A satanic religious display now graces the front lawn of City Hall: An upside-down cross that lights up in red when the sun goes down.

The 6-foot-tall black cross, the handiwork of atheist activist Chaz Stevens, went up Tuesday morning bearing the message: "In Chaz We Trust, All Others Pay Cash."

Stevens, a fierce proponent of the separation of church and state, won permission to display the cross after persistently reminding the city it allowed the display of a menorah, Christmas tree and Nativity scene during the holidays.

"Government has no right to be in the business of religion," said Stevens, of Jupiter. "Keep church out of state."

He plans to remove the cross on Friday.

"It's pretty tacky," he said Tuesday while snapping photos of his creation. "We were going for tacky. It's horrible looking. I love it."

Longtime resident Hubert Jackson, a deacon at Higher Vision Ministries in Hallandale Beach, plans to display a Christian cross next to the satanic one.

"I did not want people to think the city where I live is endorsing Satan," Jackson said. "I was given permission to put up a cross and I will do it in the morning to counter this satanic thing."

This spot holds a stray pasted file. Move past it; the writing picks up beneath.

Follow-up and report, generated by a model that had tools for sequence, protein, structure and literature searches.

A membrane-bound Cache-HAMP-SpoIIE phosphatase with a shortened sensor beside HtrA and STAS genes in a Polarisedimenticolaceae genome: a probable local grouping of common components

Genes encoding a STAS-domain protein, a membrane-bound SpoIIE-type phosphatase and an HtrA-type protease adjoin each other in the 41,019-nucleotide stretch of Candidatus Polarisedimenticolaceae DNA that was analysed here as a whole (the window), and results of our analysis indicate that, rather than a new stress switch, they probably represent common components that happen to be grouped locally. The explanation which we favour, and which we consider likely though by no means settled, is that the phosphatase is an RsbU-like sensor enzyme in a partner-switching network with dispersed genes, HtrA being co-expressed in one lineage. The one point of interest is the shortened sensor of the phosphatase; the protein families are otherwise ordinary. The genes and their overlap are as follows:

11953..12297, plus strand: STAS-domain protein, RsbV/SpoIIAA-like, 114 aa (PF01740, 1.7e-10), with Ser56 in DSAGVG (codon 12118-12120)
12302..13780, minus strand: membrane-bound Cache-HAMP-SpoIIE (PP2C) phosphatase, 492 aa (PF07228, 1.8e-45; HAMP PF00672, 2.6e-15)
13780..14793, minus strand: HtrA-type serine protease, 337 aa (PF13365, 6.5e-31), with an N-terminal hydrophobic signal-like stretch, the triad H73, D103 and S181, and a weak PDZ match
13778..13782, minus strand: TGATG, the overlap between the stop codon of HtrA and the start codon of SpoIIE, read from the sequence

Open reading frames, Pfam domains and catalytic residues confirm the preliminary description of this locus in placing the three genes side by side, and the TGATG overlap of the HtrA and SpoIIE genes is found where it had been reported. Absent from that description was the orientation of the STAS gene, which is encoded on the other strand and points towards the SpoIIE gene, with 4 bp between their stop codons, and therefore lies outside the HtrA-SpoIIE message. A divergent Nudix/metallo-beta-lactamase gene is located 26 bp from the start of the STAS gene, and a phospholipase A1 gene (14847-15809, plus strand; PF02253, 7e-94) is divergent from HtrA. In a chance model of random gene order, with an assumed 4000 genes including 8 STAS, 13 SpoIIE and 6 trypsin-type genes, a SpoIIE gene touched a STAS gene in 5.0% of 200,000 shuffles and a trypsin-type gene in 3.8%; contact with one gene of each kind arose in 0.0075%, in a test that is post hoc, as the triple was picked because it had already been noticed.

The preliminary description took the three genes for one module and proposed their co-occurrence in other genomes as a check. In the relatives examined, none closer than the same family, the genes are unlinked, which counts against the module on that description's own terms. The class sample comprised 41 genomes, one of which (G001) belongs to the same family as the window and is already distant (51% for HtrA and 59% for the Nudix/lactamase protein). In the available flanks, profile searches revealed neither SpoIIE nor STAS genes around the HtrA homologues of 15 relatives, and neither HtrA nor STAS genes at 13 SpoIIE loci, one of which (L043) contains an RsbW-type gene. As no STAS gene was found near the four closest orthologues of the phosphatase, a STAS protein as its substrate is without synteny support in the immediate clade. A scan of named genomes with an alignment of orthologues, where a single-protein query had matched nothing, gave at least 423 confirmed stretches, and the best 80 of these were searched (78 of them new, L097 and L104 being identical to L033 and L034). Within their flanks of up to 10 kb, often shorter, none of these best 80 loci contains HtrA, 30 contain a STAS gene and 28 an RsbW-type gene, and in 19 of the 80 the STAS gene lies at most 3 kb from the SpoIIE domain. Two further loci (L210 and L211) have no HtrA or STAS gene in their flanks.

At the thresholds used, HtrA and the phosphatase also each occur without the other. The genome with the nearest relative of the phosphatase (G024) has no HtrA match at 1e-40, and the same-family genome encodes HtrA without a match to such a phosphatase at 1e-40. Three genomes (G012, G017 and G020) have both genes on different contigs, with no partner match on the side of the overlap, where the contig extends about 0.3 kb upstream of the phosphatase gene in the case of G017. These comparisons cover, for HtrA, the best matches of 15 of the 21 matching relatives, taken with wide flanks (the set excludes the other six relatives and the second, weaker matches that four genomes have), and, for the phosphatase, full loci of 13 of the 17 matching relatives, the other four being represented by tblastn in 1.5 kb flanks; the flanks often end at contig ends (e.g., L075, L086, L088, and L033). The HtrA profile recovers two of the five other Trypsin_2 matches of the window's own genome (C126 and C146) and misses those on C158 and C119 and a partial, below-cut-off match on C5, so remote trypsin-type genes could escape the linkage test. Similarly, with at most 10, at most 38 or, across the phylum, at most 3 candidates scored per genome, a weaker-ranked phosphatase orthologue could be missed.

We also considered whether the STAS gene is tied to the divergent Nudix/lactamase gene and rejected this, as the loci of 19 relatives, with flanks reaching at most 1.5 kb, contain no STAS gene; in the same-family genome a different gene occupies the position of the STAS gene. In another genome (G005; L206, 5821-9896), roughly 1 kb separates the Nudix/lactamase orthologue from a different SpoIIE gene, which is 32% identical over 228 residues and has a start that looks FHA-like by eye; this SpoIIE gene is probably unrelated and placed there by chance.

Commissioner Anthony Sanders, a minister, said he was worried people might think City Hall is endorsing satanic views.

"It's definitely going to give that impression," Sanders said. "It's going to offend some people."

City officials were quick to post a sign next to the cross saying it was privately installed as an expression of religious freedom and does not represent the views of the city's administration.

Hallandale Beach Mayor Joy Cooper defended the display.

"Everyone is entitled to their religion no matter how offensive people may find it," Cooper said. "That's what our country is about, freedom of religion and freedom of speech. And you can't pick or choose."

Stevens is seeking permission to display a similar cross in Fort Lauderdale and Doral.

Fort Lauderdale Mayor Jack Seiler declined to comment.

Stevens initially planned to use the phrase "In Satan We Trust," but said he decided "In Chaz We Trust" would be even more irritating.

For nearly two years, Stevens has tried to end prayer at public meetings by asking several local cities to allow him to perform a satanic prayer during commission meetings. In his requests, he cites a recent U.S. Supreme Court decision that determined prayer is allowed at government meetings provided it applies to all religions.

Dania Beach, Deerfield Beach, Coral Springs and Delray Beach have all dropped prayer before government meetings to avoid the spectacle.